Well, I’m back finally; I probably have only one follower now since I haven’t posted in over a yearor more!What happened? Covid, family issues and health stuff with both my husband and myself….including getting Covid…ugh!
But through it all, I’ve still been tutoring! I switched to virtual tutoring once Covid started and even when it started getting safer, I decided to continue doing only virtual. It’s gone so well and I have created or found so many resources online to use virtually! In future posts I will have so much to share about virtual resources (that can also be used in the classroom), but I first want to tell you about the huge summer project I’m doing with all my students…grades 2-5!
The project is based on the first set of Boom Cards I created to sell (it’s also in a Google Slides version), Where in the World...it’s a geography game to help students learn about places in the world. I LOVE traveling and taking photos, so I decided to use my photos for the Boom Cards; I figured that would be better than the photos just sitting in my laptop doing nothing!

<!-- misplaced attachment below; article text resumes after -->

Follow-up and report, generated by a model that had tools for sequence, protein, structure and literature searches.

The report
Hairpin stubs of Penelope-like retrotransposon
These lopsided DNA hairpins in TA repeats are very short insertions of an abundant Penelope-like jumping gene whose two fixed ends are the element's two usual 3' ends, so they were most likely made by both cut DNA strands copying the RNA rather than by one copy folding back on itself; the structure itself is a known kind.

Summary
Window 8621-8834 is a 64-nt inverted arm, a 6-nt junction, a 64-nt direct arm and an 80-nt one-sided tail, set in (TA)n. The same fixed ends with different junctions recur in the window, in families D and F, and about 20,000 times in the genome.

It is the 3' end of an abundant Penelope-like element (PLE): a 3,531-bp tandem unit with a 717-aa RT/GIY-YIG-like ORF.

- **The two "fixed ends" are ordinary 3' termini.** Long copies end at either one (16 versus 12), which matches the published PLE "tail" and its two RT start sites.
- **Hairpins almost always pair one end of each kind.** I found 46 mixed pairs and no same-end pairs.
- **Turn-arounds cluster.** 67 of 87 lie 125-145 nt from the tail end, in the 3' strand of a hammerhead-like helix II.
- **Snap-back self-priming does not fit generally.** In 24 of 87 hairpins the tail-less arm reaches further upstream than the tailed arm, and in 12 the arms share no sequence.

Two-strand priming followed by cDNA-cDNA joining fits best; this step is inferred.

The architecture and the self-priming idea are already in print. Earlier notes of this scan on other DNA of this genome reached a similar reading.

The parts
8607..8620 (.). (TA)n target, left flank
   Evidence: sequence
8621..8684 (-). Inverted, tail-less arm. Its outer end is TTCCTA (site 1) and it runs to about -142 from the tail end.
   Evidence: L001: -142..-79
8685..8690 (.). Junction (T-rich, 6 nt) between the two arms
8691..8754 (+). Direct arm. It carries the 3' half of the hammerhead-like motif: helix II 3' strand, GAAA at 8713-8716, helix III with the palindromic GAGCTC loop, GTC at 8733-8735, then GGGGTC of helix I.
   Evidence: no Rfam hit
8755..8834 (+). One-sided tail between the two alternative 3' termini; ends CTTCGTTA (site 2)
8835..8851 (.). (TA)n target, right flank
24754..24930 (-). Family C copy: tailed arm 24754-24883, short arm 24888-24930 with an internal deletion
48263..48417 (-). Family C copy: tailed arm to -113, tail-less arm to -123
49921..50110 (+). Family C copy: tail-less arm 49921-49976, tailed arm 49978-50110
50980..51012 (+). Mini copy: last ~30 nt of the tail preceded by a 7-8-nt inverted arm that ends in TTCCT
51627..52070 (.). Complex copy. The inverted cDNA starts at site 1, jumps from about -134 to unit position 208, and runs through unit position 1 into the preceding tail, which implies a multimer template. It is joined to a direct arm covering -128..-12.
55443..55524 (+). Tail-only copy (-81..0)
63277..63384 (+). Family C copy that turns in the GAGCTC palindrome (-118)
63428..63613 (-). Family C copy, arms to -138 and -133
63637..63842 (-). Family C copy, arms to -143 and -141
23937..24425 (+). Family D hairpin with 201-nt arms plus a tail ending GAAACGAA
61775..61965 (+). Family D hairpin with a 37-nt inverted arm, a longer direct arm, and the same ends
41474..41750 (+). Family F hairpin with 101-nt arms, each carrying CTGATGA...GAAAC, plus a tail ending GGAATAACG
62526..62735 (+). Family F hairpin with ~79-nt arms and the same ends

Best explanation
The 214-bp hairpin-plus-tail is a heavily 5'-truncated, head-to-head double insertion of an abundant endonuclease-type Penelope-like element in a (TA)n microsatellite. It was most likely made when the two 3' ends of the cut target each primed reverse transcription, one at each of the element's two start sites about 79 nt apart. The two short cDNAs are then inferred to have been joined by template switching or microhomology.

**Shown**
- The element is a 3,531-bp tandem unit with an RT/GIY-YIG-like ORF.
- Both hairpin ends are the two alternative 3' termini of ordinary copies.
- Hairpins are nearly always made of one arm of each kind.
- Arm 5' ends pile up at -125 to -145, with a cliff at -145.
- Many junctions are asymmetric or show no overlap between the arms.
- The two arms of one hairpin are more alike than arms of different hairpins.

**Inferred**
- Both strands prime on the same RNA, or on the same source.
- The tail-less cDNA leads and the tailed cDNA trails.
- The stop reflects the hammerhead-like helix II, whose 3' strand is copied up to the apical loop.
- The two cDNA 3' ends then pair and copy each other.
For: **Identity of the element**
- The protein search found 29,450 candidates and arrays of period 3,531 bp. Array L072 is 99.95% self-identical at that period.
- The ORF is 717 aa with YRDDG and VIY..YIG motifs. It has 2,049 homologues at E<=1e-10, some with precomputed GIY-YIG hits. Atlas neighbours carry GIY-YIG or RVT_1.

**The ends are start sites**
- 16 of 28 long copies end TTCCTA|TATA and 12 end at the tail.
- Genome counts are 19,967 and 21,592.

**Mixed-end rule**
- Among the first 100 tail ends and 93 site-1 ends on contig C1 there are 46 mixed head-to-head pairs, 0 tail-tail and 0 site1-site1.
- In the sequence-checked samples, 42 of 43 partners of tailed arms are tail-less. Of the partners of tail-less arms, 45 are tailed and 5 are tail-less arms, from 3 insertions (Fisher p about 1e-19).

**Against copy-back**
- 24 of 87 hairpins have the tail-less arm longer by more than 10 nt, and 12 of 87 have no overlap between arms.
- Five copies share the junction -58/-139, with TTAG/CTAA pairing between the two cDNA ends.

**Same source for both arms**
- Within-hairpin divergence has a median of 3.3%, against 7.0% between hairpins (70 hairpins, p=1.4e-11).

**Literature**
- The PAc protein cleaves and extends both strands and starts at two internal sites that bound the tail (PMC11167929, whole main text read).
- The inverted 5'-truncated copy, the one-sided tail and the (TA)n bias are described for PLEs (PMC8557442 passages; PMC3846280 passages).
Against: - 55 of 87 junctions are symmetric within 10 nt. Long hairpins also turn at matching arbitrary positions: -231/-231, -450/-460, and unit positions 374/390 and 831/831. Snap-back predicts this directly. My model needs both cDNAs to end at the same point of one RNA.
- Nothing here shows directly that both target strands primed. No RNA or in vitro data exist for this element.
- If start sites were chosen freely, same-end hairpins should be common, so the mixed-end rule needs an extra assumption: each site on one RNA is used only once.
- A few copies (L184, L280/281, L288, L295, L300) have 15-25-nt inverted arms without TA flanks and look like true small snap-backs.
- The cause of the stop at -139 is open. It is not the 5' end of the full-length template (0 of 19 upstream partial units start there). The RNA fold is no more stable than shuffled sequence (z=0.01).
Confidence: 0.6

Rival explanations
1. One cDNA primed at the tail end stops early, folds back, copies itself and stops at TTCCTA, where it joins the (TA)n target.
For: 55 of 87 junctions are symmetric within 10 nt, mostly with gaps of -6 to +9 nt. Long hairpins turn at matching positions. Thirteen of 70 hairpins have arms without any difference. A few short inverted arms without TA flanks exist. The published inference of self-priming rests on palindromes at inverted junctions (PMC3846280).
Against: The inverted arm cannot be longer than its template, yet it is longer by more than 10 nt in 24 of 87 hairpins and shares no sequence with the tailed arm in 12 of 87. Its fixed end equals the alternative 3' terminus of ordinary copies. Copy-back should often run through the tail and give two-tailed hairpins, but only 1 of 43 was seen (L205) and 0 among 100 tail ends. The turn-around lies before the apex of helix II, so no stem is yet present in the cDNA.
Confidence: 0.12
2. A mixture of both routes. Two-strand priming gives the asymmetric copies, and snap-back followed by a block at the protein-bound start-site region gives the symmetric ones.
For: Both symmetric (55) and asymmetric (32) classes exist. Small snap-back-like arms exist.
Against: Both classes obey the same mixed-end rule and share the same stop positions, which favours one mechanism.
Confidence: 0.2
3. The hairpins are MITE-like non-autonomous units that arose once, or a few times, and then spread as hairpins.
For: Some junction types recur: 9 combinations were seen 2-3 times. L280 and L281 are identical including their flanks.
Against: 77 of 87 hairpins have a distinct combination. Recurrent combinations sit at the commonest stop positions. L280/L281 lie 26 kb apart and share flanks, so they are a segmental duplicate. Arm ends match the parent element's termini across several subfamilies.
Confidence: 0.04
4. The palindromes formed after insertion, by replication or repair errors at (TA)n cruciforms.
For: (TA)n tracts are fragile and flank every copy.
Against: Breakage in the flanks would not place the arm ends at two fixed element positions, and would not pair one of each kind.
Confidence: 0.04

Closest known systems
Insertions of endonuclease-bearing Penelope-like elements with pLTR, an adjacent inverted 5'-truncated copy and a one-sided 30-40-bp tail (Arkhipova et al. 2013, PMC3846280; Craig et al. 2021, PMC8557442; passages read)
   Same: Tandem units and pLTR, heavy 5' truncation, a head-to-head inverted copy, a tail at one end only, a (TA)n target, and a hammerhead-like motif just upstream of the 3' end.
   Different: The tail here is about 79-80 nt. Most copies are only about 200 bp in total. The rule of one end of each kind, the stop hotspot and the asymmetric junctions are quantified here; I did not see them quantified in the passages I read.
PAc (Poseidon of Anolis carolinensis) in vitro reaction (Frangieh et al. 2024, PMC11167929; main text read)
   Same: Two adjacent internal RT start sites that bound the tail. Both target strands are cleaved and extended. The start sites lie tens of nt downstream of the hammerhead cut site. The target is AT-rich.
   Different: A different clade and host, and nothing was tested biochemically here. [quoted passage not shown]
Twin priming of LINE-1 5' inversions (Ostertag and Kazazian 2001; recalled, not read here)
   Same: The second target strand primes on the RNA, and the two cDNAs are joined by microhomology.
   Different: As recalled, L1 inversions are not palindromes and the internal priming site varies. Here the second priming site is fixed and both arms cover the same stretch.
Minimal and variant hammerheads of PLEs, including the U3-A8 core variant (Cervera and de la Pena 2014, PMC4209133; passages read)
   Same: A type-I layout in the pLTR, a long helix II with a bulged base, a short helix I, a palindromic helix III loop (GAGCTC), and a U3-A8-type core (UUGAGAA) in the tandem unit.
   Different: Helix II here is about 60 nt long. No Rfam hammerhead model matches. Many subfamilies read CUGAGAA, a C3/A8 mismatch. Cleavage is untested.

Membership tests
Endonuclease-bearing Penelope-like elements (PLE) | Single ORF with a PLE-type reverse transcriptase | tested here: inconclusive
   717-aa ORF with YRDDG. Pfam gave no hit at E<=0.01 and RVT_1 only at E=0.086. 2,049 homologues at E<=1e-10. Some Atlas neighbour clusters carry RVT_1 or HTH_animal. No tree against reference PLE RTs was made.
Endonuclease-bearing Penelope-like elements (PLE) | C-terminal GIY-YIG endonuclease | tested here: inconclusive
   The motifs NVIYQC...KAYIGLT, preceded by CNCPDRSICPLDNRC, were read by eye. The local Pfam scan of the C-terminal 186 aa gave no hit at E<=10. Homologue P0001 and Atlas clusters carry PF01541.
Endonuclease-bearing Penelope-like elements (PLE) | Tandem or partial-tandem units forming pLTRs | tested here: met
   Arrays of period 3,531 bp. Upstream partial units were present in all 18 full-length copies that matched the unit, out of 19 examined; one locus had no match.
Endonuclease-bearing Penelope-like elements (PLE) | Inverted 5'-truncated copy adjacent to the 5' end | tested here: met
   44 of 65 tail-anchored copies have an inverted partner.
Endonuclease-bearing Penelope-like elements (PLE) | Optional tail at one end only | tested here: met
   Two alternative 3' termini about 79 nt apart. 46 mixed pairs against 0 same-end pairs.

To start with, I had each student do the game to give them ideas on where they might want to travel. My students have chosen Paris, Hawaii, Rome, Disney World, and Seattle! (Just one place for each student!) I then have them answer the following questions on their Travel Planning document:
Where will you travel to?
Why do you want to go there?
Who is coming with you?
Once they’ve answered those, it’s time to start researching the flight cost (or road trip cost), accommodations, sightseeing, food, souvenirs, etc. I created a Google Slide show for each of the locations that are in the Where in the World Boom Cards/Google Slides with resources to help them plan their trip. The resources include ELA, math and other learning activities. Reading a-z, Newsela, Time for Kids, Hoopla, Readworks, Mr Nussbaum and Teachers Pay Teachers are some of the resources I’ve found with information on the travel destinations. This HUGE slide show will soon be available on TpT!
I’ve also created more Boom Cards with math problems based on their travel destinations. I differentiate the Boom Cards depending on the age of the student. These math “tours” are available on Teachers Pay Teachers and the Boom Learning store!